Small firms urged to prepare for extreme weather

More than half of small businesses do not have a plan in place to deal with extreme weather conditions such as floods and snow storms.

Last year's floods caused small organisations approximately £1,531 worth of damage

Last year's floods caused small organisations approximately £1,531 worth of damage

That's according to new research from the Federation of Small Businesses (FSB) which found that three out of five (59%) of small firms are without a flood plan despite the news that two thirds (66%) have been negatively impacted by flooding, drought or snow at some point in the last three years.

FSB national policy chair Mike Cherry said: "Last year was the wettest winter on record and 3200 commercial properties were flooded in the UK. With such extreme weather events on the increase small business need all the help they can get to make sure they can stay open whatever the weather.

"We remain concerned that small businesses will not be included in the Government's Flood Re agreement, designed to limit insurance costs for those at most risk of flooding. Firms need to be reassured that affordable flood insurance will be available in the future. Currently three in 10 (29%) do not have the right cover in place.

"The Environment Agency has produced advice for businesses on how to make a flood plan, and we want to make sure businesses are getting all the information, finance and support they need to deal with extreme weather."

Better prepared

Last year's floods caused small organisations approximately £1,531 worth of damage. The biggest problems reported were disruption to staff and customers (46%) and disruption to suppliers, utilities and transport arrangements (32%).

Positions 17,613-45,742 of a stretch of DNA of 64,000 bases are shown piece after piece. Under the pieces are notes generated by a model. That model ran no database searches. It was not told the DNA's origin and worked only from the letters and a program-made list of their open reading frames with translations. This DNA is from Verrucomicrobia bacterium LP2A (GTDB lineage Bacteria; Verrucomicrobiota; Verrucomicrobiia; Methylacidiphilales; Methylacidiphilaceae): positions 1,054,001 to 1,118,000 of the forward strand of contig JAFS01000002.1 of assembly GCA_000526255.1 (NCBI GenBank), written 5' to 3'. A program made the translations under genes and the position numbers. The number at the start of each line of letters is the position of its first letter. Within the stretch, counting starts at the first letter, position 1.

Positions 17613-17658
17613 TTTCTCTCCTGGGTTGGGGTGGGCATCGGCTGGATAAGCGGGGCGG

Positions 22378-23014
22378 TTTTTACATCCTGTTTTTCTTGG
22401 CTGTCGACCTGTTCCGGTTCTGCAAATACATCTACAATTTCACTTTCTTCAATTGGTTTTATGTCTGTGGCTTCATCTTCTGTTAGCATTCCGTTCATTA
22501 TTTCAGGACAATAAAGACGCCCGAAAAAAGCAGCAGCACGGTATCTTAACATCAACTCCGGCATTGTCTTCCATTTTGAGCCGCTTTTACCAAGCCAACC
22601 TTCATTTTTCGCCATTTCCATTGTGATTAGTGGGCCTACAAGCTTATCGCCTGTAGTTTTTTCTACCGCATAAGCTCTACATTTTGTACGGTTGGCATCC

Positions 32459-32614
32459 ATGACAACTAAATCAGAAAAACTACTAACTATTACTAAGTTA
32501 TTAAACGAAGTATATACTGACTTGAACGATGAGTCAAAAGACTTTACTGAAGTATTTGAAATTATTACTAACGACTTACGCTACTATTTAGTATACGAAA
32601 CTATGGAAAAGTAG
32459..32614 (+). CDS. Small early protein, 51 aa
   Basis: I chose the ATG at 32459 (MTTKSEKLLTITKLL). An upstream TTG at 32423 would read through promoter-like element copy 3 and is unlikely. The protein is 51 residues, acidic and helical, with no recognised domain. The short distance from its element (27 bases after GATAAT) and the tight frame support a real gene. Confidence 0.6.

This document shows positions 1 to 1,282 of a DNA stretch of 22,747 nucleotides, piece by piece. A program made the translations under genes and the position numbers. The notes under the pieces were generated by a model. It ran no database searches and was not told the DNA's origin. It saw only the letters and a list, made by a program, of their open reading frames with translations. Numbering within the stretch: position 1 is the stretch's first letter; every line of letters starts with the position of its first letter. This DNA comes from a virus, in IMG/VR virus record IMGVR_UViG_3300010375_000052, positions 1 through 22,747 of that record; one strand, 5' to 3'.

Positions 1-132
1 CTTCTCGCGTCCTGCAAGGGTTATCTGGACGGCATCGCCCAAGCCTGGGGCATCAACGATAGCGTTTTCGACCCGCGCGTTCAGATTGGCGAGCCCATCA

However, small firms will be able to continue operating and avoid financial difficulty by being prepared for such disruption.

The FSB is urging more businesses to implement an extreme weather plan so they are equipped to deal with potential bad weather in 2015.

Mike Cherry said: "Small businesses need to get better prepared for extreme weather. However, we know that despite wind, water or fire, many small businesses do manage to stay open and continue to serve their customers.

"When disasters hit we would encourage people to continue to support their local businesses, many of which stay open whatever the weather."

Examples of extreme weather plans can be found on the Environment Agency website.

In November, the Royal Society published a report – Resilience to extreme weather – encouraging all capital owners to realise the value of adapting to extreme events.

Lois Vallely


| extreme weather


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